Just when our hopes about the vaccine for COVID19 were becoming a reality, the UK government announced the discovery of a highly contagious new variant circulating in England. Citing the rapid spread of the virus through London and surrounding areas, Prime Minister Boris Johnson imposed the country's most stringent lockdown.Scientists are worried about these variants but not surprised by them. Like all viruses, Coronavirus is a shapeshifter. Some genetic changes are inconsequential. Researchers have recorded thousands of tiny modifications in the genetic material of the Coronavirus as it has hopscotched across the world. The British variant has affected how the virus locks onto human cells and infects them. These mutations may allow the variant to replicate and transmit more efficiently. So, the questions arise: 'Does India need to be worried? Will the vaccines that are underway work? How do we go about being more cautious and if at all we need be stop its spread, what should we do?'Let's understand this further.What is the new strain? The variant was identified due to Public Health England's (PHE) proactive and enhanced monitoring following the increase in cases seen in Kent and London. The variant has been named 'VUI -- 202012/01' (the first Variant Under Investigation in December 2020). It is not uncommon for viruses to undergo mutations; seasonal influenza mutates every year. Variants of SARS-CoV-2 have been observed in other countries, such as Spain as well. This variant includes a mutation in the 'spike' protein. According to researchers, this virus has at least 17 changes of mutation. Changes in this part of the spike protein may result in the virus becoming more infectious and spreading more easily between people.How harmful is it? While most mutations are either harmful to the virus or have no effect, a few mutations in this new variant looked as if they could potentially affect how the Coronavirus spread.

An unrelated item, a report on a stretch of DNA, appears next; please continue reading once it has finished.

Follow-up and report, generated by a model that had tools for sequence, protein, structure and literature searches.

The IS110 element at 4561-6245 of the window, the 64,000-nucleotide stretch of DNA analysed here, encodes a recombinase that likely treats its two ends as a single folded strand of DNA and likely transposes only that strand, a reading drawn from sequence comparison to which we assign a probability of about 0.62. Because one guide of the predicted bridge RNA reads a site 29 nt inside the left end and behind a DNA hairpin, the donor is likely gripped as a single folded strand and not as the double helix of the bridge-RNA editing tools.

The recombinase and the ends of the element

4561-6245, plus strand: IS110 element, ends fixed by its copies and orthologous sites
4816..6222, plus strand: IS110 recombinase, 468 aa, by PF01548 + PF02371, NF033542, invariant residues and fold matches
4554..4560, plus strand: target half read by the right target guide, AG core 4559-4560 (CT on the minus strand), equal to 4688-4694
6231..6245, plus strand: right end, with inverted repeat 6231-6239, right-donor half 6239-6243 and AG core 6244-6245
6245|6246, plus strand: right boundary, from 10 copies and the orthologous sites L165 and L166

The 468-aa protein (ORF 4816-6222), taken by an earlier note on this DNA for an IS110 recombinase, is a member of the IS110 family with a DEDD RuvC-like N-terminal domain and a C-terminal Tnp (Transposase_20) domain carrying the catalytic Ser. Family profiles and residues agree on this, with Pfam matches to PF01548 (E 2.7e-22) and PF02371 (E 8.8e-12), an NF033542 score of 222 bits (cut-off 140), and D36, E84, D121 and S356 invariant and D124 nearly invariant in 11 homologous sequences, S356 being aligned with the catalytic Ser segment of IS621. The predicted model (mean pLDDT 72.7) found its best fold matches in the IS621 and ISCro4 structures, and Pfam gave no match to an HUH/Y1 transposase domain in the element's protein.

According to reports, the new variant of the SARS-COV-2 could be up to 70% more transmissible than the old variant! What's more worrying is that this strain is affecting people in the age group of 30-60 yrs which is fairly young. Preliminary data from the UK shows that the virus is spreading quickly in parts of southern England, displacing other variants that have been circulating for months. But there are still several unanswered questions that are multiplying as fast as new strain of the virus: Does it make people sicker? Does it mean prolonged treatments? Will vaccines that are underway work?The variant has already spread globally. Apart from the UK, the variant has been detected in India, Denmark, Belgium, the Netherlands and Australia, according to the WHO. A similar but separate variant has also been identified in South Africa. Now that the world knows to look for the variant, it may turn up in more countries. The Indian government suspended flights from the United Kingdom over fears of the new strain.Separately, several states are also taking steps. Maharashtra has imposed an 11pm-6am curfew in major cities until January 5, 2021, and mandates 14 days of institutional quarantine for all travellers arriving from Europe and the Middle East without a COVID19 negative report (done within 72 hrs of travel).Will vaccines work? Vaccines target multiple parts of the protein itself, we don't need to be worried about them. We should be doing more of genetic surveillance. In fact, I feel people should vaccinate themselves. While there is a section of people encouraging others to not take the vaccine shots, I urge people to not be overwhelmed by this. The lobby, as it raises doubt about the vaccine, will only make the vaccine developers more GMP complaint and will ensure that we get efficacious vaccines.What precautions should we take? The best way to curb the infection is to stick to the rules -- wash our hands, wear a face mask and maintain social distancing. The recommended control measures to limit the spread of the new variant continue to be testing, following the existing guideline of isolation, and abiding by the restrictions.(The author Dr Rahul Pandit is Director-Critical Care, Fortis Hospitals Mumbai, & Member of Maharashtra's COVID-19 task force)